Listen Live
Listen Live
HomeNewsGravenhurst using less salt to keeps roads clear in winter

Gravenhurst using less salt to keeps roads clear in winter

A successful pilot program means the Town of Gravenhurst has completely switched to using a treated salt product for winter road management instead of traditional rock salt. 

Before the 2019/20 winter season, the town used standard rock salt, according to a Nov. 21 report from Andrew Stacey, Director of Infrastructure Services, which he says was the industry norm at the time and inexpensive. 

However, he explained one of the cons is the amount of chloride it leaves behind, which Stacey wrote could have a negative effect on watersheds.  

“Largely through the lens of operational improvements including an awareness of chloride impacts, the public works division piloted a treated salt program commencing in the second half of the 2019/2020 winter season,” he continued. “Treated salt products are typically made from rock salt, which are then coated with additives such as magnesium chloride, beet juice, or an acetate deicer to improve their performance.” 

- Advertisement -

He said the benefits include the product being more likely to stick to the round and not bounce, melting ice quicker, and being effective at a lower temperature than rock salt.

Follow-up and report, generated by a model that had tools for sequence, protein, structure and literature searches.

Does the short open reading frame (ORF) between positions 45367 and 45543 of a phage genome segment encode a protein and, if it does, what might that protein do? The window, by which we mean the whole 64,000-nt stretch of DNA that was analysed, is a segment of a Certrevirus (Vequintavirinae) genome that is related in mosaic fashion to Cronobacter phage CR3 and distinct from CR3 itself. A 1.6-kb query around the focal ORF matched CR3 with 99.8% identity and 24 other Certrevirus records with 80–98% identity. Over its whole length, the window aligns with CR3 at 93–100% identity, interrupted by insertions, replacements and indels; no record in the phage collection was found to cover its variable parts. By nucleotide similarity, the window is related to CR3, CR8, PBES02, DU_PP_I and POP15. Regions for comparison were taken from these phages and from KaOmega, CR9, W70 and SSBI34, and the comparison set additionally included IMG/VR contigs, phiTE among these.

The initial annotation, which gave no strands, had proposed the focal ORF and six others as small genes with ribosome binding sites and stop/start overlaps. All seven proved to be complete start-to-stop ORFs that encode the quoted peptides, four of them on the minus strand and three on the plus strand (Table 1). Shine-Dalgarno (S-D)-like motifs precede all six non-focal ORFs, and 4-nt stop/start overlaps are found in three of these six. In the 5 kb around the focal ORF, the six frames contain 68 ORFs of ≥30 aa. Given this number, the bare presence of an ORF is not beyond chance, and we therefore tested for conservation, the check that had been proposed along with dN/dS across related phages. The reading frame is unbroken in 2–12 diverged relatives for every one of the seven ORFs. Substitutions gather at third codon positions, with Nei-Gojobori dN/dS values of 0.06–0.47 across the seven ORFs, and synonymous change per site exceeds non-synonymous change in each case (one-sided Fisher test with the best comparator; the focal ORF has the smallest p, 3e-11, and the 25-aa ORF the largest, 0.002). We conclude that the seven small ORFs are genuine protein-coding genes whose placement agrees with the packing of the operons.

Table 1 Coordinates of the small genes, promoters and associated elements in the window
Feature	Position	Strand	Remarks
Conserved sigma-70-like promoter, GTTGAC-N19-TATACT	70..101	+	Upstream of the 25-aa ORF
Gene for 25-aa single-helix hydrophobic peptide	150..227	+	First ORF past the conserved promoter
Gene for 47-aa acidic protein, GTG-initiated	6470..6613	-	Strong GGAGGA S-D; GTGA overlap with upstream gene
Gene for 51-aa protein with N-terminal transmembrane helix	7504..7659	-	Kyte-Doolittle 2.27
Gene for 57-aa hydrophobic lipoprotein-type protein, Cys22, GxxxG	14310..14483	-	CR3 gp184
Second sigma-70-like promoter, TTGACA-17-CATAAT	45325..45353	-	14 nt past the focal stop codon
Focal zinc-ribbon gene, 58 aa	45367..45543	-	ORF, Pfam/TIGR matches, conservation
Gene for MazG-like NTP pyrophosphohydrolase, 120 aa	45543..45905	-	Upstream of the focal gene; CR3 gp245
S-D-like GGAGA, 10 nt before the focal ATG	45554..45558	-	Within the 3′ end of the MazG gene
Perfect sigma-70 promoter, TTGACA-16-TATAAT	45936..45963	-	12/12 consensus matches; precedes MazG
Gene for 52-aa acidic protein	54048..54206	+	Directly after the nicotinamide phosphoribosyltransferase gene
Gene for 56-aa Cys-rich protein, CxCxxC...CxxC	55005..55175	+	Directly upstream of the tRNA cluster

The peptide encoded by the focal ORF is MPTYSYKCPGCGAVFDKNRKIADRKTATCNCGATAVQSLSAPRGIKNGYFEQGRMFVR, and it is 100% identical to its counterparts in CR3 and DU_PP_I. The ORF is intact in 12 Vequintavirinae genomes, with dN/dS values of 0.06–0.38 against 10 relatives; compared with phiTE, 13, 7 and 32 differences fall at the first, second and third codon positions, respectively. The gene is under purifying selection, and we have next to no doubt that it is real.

Stacey wrote that between the last winter season only traditional rock salt was used in 2018/19 winter season to when the switch to treated salt was made in 2021/22, 181.56 fewer tonnes of salt was used, or 23 percent.  

“Traditionally, with the use of rock salt, it would be common for an operator to revisit the salt route three times during a single winter event to achieve the desired results being observed currently,” explained Stacey. “With the treated salt, the number of required passes for a given winter event has been reduced (depending on the type of winter event) to one to one and a half times per winter event.” 

According to Stacey, Gravenhurst maintains around 231 km of road in the winter, however, only 39 km are salted to limit how much is used. 

- Advertisment -
- Advertisment -
- Advertisement -

Continue Reading